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The dignity of mellow music in defiance of history-mongering

The reason that the world hates LeBron James right now is he is letting down the cult of now. We individually want want to be the best; by extension, we want our specific point in history to best all others. This is why we have invented the term “instant classic.” We demand that our recent history beat all that old stuff. LeBron James is currently the only candidate for “Best Basketball Player of All Time,” and he’s not up to snuff. He even stabbed people in the back to go “prove” it, and he failed. We’re mad that we don’t have the best of all time in our time.

The same syndrome goes for music. We want to have the greatest achievements, the best songs, and the most fertile creative period attributed to us. If something isn’t a genre-changing, goal-post-moving, 500-yard home run, it’s average (and, therefore, not worth the time).

This is tragic, as it sells short history and overhypes the now. It’s especially a bummer for two very good (but not earth-shattering, not even “top 10 of the year”) albums: The Wooden Birds’ “Two Matchsticks” and Jon Middleton’s self-titled effort. Both albums have an easygoing vibe that eschews huge, sweeping moods for a quiet dignity. This is not a quality that is appreciated enough in our time: note the belabored schoolteacher/superstar athlete pay dichotomy.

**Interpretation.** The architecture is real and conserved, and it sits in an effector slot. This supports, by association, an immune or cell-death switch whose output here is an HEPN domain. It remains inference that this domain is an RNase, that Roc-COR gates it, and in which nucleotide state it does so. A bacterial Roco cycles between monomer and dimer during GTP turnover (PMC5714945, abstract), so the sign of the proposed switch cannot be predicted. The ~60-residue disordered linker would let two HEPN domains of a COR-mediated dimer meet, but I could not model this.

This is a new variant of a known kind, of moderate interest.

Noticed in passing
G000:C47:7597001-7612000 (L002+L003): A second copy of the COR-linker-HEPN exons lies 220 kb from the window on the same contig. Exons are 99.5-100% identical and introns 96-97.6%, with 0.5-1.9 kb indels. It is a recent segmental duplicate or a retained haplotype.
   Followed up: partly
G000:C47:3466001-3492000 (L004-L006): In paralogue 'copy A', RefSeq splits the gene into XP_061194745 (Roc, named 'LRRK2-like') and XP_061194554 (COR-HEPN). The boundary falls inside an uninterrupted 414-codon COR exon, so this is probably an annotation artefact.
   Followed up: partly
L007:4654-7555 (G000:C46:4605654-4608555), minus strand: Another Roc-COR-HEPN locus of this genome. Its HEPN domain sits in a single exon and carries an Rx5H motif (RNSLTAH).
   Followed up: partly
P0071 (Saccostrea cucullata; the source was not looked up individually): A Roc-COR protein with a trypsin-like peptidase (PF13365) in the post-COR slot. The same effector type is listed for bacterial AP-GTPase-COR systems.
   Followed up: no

But “Two Matchsticks” is certainly composed and performed without a concern for pretense. The band is composed mainly of members from Matt Pond PA and American Analog Set, two groups that are almost chronically under-radar because of their resistance to sweeping, epic tactics. It makes sense that the two would create a calming album of solid, quiet indie rock.

The thing with stability is that it’s mostly the same all the time; that’s why it’s stability. “Too Pretty To Say Please” has the best melodies and harmonies of the set, sung in a calm, mildly breathy tenor. “Company Time” is also memorable for its easy groove, added by the hand percussion and gently woozy lead guitar.  The overall beauty of “Two Matchsticks” makes it much more than the sum of its parts; “Folly Cub” is beautiful, but the fact that there are eleven more in the same vein makes the song even stronger in my mind.

Jon Middleton, half of the excellent Jon & Roy, has crafted a release even mellower than “Two Matchsticks,” but possessing the same confident strength. The only instruments on his self-titled album are a lightly strummed acoustic guitar and vocals. There are occasional other contributions, but they are so light — shakers, bass guitar — that they hardly count.

But from beginning to end, the album is a perfectly beach companion or lazy Sunday soundtrack. It’s pleasant in the best way; it immediately pleases the ear and requires not much more than that of the listener. Middleton’s mid-range voice has no rough edges, making the release even more calm. “Vibrant Scene” shows off his guitar chops a bit, speeding up the tempo and letting him drop in some nice melodic flourishes. “Long and Tall,” the standout, shows him fingerpicking his way through a tune and singing the best melody of the batch. It’s the mixtape keeper. I like to have a takeaway track from each album.

Both of these albums could be maligned as boring to the listener who’s looking for the next big thing. I disagree. I think they are proud keepers of a dignified tradition. These albums aren’t going to top the charts, but they have a space in my heart. That’s success to me.